Rote memorization is part of the process.

Shanghai educators believe that not all knowledge can be discovered with manipulative exploration. Therefore explicit teaching and memorization is part of their paradigm.

A final caveat is offered.

Every culture is unique. Wholesale adoption of good teaching practice from one culture to another is not necessarily advisable. While it is important to reflect on and evaluate different cultural contexts and values, keeping in mind one’s own culture’s strengths and incorporating alterative ideas in the best way possible.

Reference:

Lim, C.S. (2010). http://www.merga.net.au/documents/MERJ_19_1_Lim.pdf

 

A Practicum

Teaching for mastery involves uncovering students’ individual learning needs and levels of comprehension. This strategy is simple but thorough. It involves a well-thought out pretest that covers previously learned material and general knowledge, a daily learning log sheet and a posttest that is identical to the pretest.


The pre- and posttests provide a means for discerning cognitive improvement. The daily learning logs offer an outlet for both student reflection as well as questions about the topic at hand.
The pretest helps the teacher learn what the students know and do not know. Their scores furnish a baseline measurement for their knowledge.  Any prior understanding or misunderstanding is uncovered in this preliminary assessment. As a result, the educator can adjust the learning plan accordingly.


At the start of each class pupils receive a daily learning log sheet. This allows them to reflect on what they learned during the previous class and prepare for the new day’s lesson.
As part of the daily learning log, students are given a warm-up exercise that is based on the topic that was discussed in the previous day’s class. This warm up challenges the learners to use higher order thinking. This helps the instructor to determine if they are fully grasping the material.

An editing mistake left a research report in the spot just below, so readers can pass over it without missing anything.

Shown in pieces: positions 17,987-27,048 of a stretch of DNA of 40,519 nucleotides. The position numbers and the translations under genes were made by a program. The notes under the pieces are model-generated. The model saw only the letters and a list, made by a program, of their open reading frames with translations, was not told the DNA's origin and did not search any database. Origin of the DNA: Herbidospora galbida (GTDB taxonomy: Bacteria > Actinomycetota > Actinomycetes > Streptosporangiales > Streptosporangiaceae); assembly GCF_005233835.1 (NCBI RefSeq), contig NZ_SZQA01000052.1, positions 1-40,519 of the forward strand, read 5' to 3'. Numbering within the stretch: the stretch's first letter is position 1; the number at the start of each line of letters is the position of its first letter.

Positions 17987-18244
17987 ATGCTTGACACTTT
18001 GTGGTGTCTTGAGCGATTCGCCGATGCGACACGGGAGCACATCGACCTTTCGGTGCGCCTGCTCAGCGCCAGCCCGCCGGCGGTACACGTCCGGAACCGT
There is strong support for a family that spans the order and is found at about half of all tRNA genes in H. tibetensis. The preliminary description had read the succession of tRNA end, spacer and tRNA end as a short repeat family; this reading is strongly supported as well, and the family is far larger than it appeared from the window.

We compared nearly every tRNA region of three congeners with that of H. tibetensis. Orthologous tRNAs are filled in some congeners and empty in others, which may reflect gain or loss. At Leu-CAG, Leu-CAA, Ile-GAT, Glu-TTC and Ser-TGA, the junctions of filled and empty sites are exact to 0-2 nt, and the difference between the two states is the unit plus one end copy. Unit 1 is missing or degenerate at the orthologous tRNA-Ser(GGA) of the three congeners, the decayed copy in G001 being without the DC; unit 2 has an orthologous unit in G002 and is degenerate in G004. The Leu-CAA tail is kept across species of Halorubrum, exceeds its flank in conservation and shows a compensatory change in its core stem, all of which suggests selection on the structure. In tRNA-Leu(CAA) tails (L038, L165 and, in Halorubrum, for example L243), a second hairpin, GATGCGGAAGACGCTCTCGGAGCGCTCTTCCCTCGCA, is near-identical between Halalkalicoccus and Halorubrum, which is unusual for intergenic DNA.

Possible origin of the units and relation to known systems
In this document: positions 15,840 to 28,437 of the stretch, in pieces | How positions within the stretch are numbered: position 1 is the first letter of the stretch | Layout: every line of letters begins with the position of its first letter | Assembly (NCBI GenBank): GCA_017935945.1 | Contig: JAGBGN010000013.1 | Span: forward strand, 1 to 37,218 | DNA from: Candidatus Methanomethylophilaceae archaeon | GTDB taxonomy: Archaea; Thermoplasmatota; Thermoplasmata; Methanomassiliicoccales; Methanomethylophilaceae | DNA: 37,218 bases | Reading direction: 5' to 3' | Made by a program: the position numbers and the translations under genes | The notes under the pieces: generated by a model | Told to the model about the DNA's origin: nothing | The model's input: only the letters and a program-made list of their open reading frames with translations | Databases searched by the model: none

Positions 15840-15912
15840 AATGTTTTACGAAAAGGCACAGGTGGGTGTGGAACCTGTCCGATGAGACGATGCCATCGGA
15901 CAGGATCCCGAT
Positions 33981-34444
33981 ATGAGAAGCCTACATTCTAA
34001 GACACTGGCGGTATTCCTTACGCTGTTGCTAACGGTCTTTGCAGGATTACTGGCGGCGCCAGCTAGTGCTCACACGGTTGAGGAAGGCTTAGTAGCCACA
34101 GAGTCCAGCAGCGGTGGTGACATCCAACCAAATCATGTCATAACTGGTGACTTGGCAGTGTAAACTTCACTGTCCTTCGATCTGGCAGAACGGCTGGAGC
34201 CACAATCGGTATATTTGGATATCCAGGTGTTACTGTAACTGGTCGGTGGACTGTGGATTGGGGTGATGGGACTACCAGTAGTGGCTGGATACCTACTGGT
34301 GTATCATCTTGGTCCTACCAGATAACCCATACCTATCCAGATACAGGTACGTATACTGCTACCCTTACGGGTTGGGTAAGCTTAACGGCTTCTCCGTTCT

During class, students are asked to write down in their daily lesson log any questions they might have on that day’s topic. Before beginning, the teacher addresses the previous warm-up question and discusses all the questions written on the previous daily learning logs. At the end of class, the students again reflect on what they have learned in their daily learning log. ¬†They connect prior knowledge to what they learn on a given day and are therefore able to see how the concepts are connected.


Reading the students’ reflections allows the instructor to adjust the next day’s lesson. This allows the options of addressing any misconceptions as well as tracking student learning as they perform learner centered activities.


As a final component, the students rate their confidence about the topic (one through four). This enables the teacher to assess the children’s confidence and adjust the pace of instruction accordingly.


The post test, which is identical to the pretest, is given at the conclusion of the unit. This tells the teacher how much each student has improved, whether there is a need to provide follow -up instruction and if adjustments need to be made for the following year.


This overall strategy enables the teacher to monitor student understanding throughout the unit and make sure that no student is left behind.

Reference:

Holzmiller, T. (2008). Changing misconceptions. The Science Teacher, 75(9), 64-66.